We have been enjoying a trio of fabulous books from the publisher, Nosy Crow.
First up is the second book in a series published by Nosy Crow in partnership with the National Trust, The Secret Diary of Jane Pinny, Victorian Housemaid (and accidental Detective) by Philip Ardagh & Jamie Littler.
This highly illustrated story is brimming with facts, laughs, drama, intrigue & a pigeon who writes. The story is generously peppered with historical nuggets, interesting & short enough not to distract you too much from the exciting story. I really liked the way it gently introduces some history alongside painting a vivid picture of life in a grand house. I have no doubt that on our next visit to a NT stately home property we shall be thinking about Jane & life as a housemaid.
A book we just couldnt put down was Spectre Collector, To Ghoul for School by Barry Hutchinson. In this story a schoolboy calked Denzel finds himself mixed up with Spectre Collectors, a secret ghost-battling organisation. He finds himself suddenly losing any sense of normality & being left completely unprepared to deal with the supernatural. Luckily he discovers some friends to help him save the day
While reading I was reminded of great blockbuster movies such as Men in Black & Ghostbusters owing to its fast pace, great sense of humour & explosive action.
The last book is You Cant Make Ne go to Witch School by Em Lynas which follows the story of Daisy Wart. Daisy finds herself at Witch school but feels it’s a big mistake as she should really be at drama school. Her attempts to escape the school lead to adventures, new discoveries & more importantly new friends.
Daisy is the star of this show & it was great to have such a sparky characterful protagonist bringing this story to life.
Al’s Awesome Science is not only a fun introduction to conducting science experiments but a sweet story too. Its easy to get carried along with the enthusiasm of Al & his sister Lottie as they work towards testing whether an egg is the most suitable shape for a time machine.
Throughout the story Al writes up his experiments noting down what the used, what they did, the results & most importantly his observations. There are also some handy tips if tempted to try these out at home.
After reading this book I did have a few worries about what mess I might find in the garden as daughter took it on herself to experiment. I soon realised however that if the book encouraged curiosity, independence, a desire to question and to test out theories, a few broken eggs would be totally worth it.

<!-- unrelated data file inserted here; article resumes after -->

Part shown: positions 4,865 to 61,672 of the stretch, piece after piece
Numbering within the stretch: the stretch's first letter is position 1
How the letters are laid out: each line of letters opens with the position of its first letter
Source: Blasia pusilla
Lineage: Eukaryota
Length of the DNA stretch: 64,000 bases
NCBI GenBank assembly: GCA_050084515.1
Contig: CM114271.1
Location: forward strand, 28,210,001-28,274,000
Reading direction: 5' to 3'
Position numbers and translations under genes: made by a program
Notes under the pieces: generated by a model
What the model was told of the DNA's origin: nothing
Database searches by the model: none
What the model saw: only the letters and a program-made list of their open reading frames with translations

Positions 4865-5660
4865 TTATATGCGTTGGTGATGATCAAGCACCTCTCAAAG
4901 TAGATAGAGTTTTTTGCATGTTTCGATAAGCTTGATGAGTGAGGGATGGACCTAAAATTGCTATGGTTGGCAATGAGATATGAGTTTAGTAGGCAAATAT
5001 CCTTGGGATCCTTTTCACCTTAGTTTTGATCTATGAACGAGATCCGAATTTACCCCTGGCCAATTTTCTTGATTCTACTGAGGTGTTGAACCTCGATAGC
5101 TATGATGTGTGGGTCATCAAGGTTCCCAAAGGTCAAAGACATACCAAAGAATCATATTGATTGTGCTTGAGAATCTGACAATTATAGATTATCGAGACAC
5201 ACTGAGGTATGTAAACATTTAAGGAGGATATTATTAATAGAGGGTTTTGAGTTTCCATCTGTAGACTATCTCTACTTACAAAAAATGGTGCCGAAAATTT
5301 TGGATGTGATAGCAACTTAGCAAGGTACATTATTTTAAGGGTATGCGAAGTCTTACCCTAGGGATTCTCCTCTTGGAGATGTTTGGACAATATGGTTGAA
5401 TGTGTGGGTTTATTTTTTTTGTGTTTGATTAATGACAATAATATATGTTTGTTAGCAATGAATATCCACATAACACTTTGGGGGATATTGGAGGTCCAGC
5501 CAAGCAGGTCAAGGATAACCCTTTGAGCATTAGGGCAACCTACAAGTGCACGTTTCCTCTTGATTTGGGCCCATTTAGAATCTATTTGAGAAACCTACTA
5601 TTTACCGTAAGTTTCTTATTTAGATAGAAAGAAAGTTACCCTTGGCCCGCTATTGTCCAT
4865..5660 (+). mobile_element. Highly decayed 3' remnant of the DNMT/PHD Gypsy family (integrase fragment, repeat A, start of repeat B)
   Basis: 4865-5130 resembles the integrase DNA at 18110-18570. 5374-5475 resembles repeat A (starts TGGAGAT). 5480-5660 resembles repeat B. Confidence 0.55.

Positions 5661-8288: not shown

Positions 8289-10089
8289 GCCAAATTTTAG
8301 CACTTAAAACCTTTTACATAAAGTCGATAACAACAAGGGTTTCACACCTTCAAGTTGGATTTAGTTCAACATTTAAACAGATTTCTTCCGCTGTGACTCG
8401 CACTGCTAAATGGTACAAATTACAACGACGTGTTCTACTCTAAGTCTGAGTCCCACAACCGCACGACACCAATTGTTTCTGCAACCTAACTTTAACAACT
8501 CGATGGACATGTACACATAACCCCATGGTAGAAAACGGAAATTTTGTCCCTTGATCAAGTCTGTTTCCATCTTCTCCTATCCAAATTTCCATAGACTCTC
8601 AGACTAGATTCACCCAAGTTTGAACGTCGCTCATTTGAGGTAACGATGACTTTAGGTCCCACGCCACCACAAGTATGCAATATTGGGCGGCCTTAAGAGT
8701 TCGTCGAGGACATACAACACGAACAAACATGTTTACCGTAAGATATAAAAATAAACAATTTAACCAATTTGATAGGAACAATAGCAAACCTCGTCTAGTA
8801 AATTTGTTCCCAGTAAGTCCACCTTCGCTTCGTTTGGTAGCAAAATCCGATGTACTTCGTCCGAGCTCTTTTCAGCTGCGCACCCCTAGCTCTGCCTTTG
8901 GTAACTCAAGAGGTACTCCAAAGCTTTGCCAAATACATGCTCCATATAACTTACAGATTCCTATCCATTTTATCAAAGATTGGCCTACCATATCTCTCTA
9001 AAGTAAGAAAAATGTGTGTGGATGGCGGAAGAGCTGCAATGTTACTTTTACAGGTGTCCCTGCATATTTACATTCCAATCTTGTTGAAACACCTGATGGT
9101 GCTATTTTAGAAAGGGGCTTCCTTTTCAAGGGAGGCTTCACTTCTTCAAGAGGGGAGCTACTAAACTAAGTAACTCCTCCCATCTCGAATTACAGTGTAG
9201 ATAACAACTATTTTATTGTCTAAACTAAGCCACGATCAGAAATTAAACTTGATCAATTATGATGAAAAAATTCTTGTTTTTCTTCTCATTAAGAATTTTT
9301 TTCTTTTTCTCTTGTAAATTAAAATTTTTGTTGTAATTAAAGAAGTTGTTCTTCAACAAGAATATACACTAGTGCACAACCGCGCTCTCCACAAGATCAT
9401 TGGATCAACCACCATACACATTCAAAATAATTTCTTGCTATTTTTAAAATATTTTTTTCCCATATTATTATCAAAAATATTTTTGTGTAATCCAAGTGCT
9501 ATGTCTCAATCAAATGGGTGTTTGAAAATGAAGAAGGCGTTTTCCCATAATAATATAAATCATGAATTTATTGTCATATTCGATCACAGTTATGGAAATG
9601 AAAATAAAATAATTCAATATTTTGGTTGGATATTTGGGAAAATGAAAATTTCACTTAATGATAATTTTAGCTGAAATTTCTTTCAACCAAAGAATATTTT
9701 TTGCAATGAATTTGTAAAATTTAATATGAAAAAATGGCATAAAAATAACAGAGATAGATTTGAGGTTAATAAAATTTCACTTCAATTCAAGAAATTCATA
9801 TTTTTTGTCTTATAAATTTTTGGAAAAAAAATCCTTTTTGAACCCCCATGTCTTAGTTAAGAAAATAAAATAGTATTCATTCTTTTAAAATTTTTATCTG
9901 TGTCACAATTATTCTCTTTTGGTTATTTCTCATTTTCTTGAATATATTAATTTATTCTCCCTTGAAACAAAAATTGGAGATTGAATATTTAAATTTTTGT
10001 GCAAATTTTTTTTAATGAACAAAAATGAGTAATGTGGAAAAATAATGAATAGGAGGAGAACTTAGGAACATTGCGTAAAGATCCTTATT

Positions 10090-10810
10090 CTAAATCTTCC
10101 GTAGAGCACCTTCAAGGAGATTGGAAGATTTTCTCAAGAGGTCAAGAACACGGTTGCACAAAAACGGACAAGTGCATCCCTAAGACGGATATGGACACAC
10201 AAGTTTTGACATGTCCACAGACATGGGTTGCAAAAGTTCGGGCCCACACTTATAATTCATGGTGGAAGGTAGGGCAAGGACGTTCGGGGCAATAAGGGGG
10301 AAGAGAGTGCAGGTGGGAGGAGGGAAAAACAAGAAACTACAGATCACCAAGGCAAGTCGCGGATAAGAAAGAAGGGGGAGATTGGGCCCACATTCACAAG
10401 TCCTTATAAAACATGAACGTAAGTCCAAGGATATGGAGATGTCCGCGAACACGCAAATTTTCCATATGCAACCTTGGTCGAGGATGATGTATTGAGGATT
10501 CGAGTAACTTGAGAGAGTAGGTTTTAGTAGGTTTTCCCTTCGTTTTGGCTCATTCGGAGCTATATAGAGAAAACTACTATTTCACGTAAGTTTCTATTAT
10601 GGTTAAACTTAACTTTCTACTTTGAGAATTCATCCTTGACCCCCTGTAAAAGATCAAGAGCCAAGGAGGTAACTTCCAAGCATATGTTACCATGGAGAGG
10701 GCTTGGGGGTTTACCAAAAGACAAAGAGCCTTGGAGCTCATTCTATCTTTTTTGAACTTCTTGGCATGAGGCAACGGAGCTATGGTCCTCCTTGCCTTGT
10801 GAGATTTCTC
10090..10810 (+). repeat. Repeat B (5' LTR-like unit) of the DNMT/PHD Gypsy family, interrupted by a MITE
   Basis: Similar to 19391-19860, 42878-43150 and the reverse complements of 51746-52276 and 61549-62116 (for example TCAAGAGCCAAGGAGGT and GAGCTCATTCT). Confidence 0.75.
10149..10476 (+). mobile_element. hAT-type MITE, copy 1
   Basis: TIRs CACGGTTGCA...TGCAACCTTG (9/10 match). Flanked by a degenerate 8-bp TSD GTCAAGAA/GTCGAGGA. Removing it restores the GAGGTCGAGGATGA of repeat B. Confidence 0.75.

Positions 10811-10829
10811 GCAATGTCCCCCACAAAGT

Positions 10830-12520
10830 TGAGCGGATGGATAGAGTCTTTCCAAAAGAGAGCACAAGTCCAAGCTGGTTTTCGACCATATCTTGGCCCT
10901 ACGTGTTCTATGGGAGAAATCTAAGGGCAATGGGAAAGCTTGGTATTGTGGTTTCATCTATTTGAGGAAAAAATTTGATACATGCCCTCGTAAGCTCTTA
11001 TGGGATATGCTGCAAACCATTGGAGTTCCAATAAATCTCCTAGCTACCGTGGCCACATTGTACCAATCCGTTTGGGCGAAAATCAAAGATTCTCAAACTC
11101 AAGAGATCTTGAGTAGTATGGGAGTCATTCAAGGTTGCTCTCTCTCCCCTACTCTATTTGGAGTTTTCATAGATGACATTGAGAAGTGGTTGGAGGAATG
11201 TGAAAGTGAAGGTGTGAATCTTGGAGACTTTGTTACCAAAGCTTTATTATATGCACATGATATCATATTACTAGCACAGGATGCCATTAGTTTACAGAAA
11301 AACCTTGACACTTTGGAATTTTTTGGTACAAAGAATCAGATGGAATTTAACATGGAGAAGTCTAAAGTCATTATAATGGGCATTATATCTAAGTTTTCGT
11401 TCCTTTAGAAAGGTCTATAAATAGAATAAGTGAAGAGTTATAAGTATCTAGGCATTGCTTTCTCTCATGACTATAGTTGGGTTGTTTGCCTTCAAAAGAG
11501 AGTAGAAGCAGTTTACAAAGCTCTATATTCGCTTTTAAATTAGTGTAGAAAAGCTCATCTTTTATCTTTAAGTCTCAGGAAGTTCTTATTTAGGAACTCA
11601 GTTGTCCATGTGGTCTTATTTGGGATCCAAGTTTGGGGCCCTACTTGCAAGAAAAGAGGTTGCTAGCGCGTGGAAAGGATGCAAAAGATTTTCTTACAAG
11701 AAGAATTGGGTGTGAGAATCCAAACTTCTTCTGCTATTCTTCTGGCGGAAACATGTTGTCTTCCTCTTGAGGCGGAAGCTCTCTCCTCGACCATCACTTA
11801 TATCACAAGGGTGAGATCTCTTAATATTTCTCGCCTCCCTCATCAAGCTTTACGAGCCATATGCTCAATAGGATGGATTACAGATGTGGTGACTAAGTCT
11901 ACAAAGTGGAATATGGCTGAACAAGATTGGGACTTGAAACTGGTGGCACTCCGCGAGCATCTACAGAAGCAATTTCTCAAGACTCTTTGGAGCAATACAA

Thanks to the publisher, Five Quills, for the review copy.
We have been lucky enough to discover lots of funny books this summer including this absolute wonder, The Donut of Doom by Elys Dolan. Thanks to the publisher for supplying a review copy.
We have all enjoyed this book & my 6 yr old has a few things she wanted to share about the book;
“The Donut of Doom is an inspiring & funny book. It has different foods & the heroine is Nancy McNutty who is a peanut butter sandwich working as a reporter. When I read it aloud I like to giver her an American accent.
The book is about Nancy McNutty saving everyone from the evil “Donut of Doom”. The donut was an experiment going wrong at Lemon Labs by Professor Nutcase who combined “batter icing & a whole load of sprinkles” & made a giant food eating donut. The police, firemen & the army all tried to defeat the donut but it was Nancy who saved the day.
I liked all the food puns, like a mugger who is mug or the biscuit police who say they will take the donut ‘into custardy’ they made me laugh & they were fun to spot. As well as the main story about the Donut there are also other things the different food are chatting about like the lemon looking for Gary.
I would recommend this book to people who like eating food & who like puns.”
Daughter also tried to creat her own foodie characters in the style of book.
Here are some recent books we’ve had trouble letting go & returning to the library because they are just so much fun;
King Coo by Adam Stower, a highly illustrated short chapter book featuring my new favourite zany bearded heroine, King Coo. With fabulous illustrations this exciting romp was a joy to read & favourite for the whole household.
Inspector Flytrap by Tom Angleberger & Cece Bell had us in stitches with the premise alone. A detective Venus Flytrap scooting around town on a skateboard, pushed by a goat, solving silly crimes! With ingenious illustrations these comic capers were a hit & we cant wait to read more.
The Curious case of the Missing Mammoth by Ellie Hattie & Karl James Mountford.
In this tale we are chasing a baby mammoth around a museum where the exhibits all come to life. There are numerous flaps on each spread full of fascinating facts. The are also jokes aplenty with beautiful detailed illustrations to pour over & luxuriate in. Its a fun informative book & so much less tiring then taking the kids round an actual museum.
The Legend of Rock, paper scissors by Drew Daywalt & Adam Rex is brimming with gags & hilarious fighting talk. An origin story for Rock, Paper & Scissors we get to delight in the absurd pairings they encounter before they finally discover each other & the legendary game is born.
We were lucky enough to get out our colouring pens & pencils again to try out these exquisite new colouring books of cards & envelopes by Rachel Cloyne from Nosy Crow.